Protests against the EU’s VAT on euphemistically named ‘feminine hygiene products’ have long been headline news, with feminists across Europe rightfully calling out the injustice of a tax on female reproductive organs – not to mention the assertion that sanitary products are luxury items, as if mood swings and bleeding from the vagina every month is a blissful joy that we should all be eternally grateful for.
I’ve largely kept out of this campaigning for a number of reasons (a notable one being how quickly the rhetoric around it becomes incredibly trans-exclusionary*) but when George Osborne announced in this week’s spending review that the 5% ‘tampon tax’ would now be diverted into funding women’s charities, I couldn’t help but get a bit worked up about the unfairness of it all (maybe I was jut being luxuriously hormonal). Here’s some quick thoughts on why.
- The manipulation
I’ve long begrudgingly defended George Osborne as one of Parliament’s most talented albeit abhorrent politicians, and this is exactly why – because it’s genius, really. Oppose tampon tax and you now oppose funding for women’s services. You don’t think the tax is fair? But what about the women using health and support services? Don’t you support them? Yeah, thought so. You should think about that while you go back to bask in the luxury of aches, hot flushes and expelling your shredded womb lining for 4 days every month.
2. The uncertainty
It’s EU tax rules which dictate the tax on sanitary products, and in a sort-of win for the campaign against it, Prime Minister David Cameron has already said he supports the abolishment of the tax. So, assuming the EU are taking heed of protests in a number of European countries, as well as the support for them from leaders, and assuming the protestors keep up the momentum – what happens to the women’s services being funded by it if the tax is eventually abolished?
3. The blatant inequality
If we accept that the inherent inequality of the tampon tax comes from an arbitrary levy on uteri, then really this policy goes one better, because it literally says that people with a uterus should pay for their own vital healthcare and support, simply because of their aforementioned uterus. Born without one and your life is an all-you-can-eat buffet of state-funded healthcare and support services – but win the womb lottery and not only will you be more likely to face violence, but you can pay for your own support when you do, too. What’s not to love?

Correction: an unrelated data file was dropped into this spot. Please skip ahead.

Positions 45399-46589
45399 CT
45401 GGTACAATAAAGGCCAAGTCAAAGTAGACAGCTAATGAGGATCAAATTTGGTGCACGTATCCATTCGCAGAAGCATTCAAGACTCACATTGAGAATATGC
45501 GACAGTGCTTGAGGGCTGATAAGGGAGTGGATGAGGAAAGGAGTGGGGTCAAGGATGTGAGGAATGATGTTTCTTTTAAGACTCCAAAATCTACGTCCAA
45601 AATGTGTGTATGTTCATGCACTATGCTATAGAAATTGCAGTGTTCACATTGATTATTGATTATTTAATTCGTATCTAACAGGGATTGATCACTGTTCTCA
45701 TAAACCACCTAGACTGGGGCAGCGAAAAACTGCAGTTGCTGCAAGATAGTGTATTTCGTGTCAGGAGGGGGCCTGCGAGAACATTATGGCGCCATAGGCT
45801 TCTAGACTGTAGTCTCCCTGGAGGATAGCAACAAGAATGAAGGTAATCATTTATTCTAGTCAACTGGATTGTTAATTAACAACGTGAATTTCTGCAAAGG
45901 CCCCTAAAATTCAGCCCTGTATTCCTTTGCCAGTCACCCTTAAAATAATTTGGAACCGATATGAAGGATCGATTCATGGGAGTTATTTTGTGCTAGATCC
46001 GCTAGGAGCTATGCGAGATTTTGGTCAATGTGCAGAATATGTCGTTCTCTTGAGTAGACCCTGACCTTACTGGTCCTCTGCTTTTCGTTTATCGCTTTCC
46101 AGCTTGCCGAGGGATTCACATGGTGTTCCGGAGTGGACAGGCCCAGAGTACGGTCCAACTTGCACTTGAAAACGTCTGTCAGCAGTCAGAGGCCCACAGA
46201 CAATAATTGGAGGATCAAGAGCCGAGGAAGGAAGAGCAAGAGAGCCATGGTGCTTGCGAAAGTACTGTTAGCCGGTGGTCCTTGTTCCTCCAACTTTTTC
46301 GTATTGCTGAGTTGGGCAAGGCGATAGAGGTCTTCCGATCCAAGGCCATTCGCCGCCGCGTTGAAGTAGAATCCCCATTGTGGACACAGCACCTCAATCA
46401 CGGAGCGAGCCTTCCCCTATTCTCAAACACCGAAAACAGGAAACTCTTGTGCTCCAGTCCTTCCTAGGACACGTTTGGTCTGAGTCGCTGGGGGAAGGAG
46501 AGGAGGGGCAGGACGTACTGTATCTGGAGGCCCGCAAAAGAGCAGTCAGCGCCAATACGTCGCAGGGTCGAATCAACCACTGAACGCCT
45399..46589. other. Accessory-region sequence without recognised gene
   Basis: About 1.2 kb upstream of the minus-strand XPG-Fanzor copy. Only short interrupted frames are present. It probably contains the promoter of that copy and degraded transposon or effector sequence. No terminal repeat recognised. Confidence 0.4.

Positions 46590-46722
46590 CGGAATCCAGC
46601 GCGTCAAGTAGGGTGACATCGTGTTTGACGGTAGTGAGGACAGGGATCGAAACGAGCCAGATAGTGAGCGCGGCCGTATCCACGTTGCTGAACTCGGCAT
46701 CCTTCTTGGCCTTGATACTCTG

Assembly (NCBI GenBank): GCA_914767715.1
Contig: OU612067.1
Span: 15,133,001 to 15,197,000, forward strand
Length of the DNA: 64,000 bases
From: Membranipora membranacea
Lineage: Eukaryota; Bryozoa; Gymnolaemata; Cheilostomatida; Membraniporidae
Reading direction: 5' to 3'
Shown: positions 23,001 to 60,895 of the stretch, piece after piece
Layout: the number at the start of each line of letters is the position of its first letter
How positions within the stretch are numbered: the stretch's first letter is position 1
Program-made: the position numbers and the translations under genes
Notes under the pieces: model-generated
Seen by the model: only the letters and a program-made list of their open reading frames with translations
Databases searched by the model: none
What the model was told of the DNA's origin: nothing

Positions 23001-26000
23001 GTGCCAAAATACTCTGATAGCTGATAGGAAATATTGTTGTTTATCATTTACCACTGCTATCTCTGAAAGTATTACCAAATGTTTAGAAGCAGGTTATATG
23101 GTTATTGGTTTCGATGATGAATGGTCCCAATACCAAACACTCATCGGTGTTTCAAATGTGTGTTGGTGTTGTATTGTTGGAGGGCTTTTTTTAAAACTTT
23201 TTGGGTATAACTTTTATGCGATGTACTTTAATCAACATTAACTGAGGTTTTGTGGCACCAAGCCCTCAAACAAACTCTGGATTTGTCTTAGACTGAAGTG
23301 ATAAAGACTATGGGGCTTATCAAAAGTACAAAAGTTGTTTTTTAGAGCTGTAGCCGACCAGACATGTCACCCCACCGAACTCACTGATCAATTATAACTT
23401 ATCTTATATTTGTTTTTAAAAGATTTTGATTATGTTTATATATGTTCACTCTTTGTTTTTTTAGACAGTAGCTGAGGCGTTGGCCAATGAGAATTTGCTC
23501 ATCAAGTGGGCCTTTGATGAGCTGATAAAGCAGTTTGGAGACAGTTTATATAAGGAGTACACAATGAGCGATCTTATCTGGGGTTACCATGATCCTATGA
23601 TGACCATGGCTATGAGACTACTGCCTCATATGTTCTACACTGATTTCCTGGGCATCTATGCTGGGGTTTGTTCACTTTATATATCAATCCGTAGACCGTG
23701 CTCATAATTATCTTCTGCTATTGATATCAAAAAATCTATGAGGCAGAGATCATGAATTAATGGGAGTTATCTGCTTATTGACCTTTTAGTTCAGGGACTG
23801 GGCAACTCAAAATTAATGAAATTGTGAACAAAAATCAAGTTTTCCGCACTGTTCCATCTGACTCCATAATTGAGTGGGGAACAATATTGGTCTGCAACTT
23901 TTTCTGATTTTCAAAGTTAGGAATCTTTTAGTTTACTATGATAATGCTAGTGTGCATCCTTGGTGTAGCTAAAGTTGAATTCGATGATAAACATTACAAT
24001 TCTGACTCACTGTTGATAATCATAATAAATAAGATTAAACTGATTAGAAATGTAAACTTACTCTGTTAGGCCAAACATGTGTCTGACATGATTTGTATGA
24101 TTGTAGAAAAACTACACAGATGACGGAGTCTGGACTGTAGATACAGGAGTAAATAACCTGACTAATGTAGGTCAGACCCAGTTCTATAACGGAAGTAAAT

And what of trans and non-binary people in amongst all this? Well, trans men and non-binary people who menstruate are now funding women’s services which they may not be able to access, while women who don’t menstruate aren’t funding services they rightfully should be able to use. When you consider that the intersectionality ignored by the tampon tax means that trans people are disproportionately likely to face sexual violence, you can see that the lazy gender binary reinforced by this policy helps nobody – least of all those who need the services at its centre the most.
4. The injustice
Related to the point above is the fact that siphoning off ‘women’s money for women’s issues’ not only reinforces a fictional binary, but also ignores the fact that violence against women (including trans women) is largely a cis men’s issue. Now not only can men get a tax break on the violence they inflict on women at an epidemic level, they can also inflict it without worrying that their victims will incur any extra state spending! Result!
5. The irony
Why is it that the Government find themselves scrambling around looking for funding for these services anyway? Why are these healthcare and support services in such a dire state that almost 50% of all rape crisis centres are in danger of shutting down within a year? Why is it that Eaves just had to close its door, not one month ago? Why is it that a third of all referrals to Women’s Aid centres are turned away because of a lack of space?
The Chancellor’s austerity cuts disproportionately hitting women, you say? The same Chancellor proposing we now fund our own healthcare and support services, you mean? Oh.
6. The inadequacy
Hiding in amongst all the other debate around this policy is the simple fact that the tampon tax generates £15 million a year. Which, put frankly, is not anywhere near enough to fund women’s health and support services in a society where more than half of the population are likely to need them. If you find it hard to contextualise such a number, just remember that Ian Duncan Smith this year splashed out a cool £8.5 million of taxplayers’ money on a fluffy ‘workplace pensions’ monster. As if his brutal welfare cuts weren’t scary enough already.
So George, you probably think you’ve played a blinder with this one, but I think you’ve been left with blood on your hands. You see, I agree that women’s services should have their funding increased and secured – because of the ruthless and devastating cuts you’ve inflicted on them which have left them vulnerable and unable to support those who need them. I too long for a society where such services don’t need to be funded by the state – because they shouldn’t be needed at all, not because they’re niche or of special interest. I also believe we need to see violence against women as a gendered issue – because it’s one that is perpetrated and sustained by men, and is therefore very much their problem too.
So thanks but no thanks. Until we see the EU’s male population stockpiling tampons and sanitary towels on a monthly basis in an act of solidarity, I’ll keep on opposing any policy which uses blood money to perpetuate misogyny at a state level.
*I’ve tried to make sure that this blog uses inclusive language but if you notice anything dodgy then please let me know and I’ll change it!